After a little financial help from Congress, the Food and Drug Administration announced it will hire 1,300 new employees. It's a big deal for an agency that currently employs about 10,000 workers. Jeremy Hobson reports.
The economy as a whole will suffer if employers don't do enough to attract and retain older workers. That's the topic of a Senate hearing today on what some are calling a looming crisis in the labor force. Jeremy Hobson reports from Washington, D.C.
Do married women do more housework than their husbands? It can be a touchy subject, but a study by an economist at the University of Michigan has some statistics. Lisa Napoli talks with Frank Stafford about the study's results.
To reduce its dependence on foreign workers, Saudi Arabia's government is hiring more women and encouraging the private sector to do the same. But change isn't coming easily. Kelly McEvers reports from Riyadh.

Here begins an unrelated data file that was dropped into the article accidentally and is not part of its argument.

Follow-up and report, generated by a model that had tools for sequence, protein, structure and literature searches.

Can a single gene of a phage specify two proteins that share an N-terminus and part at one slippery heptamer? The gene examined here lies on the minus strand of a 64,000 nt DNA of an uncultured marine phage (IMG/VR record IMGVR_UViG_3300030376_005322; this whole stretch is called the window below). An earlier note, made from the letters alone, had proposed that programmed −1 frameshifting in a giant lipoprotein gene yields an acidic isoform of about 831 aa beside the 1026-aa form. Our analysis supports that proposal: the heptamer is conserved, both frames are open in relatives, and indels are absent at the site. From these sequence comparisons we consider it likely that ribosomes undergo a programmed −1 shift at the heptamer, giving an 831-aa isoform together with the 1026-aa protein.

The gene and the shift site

Government approval of a Delta-Northwest airline merger is pending, but today Delta Airlines flight attendants begin voting on whether to unionize. Ashley Milne-Tyte looks at what affect, if any, a union could have on the merger.
American businesses save tons of money buying parts and products from overseas suppliers. But sometimes they're buying worries, too -- from tainted pet food to poisonous toothpaste -- which have led some to work on ethical supply chains. Curt Nickisch reports.
Teens are going to have a tough time landing a summer job this year. They'll be competing with laid-off workers for the food service or retail work teens typically sign up for over summer vacation. Stacey Vanek-Smith reports.
Expectations are not high for the earnings reports that big Wall Street investment firms are turning in this week. In fact, Marketplace's Jill Barshay learns that financial sector earnings, "are going to be miserable."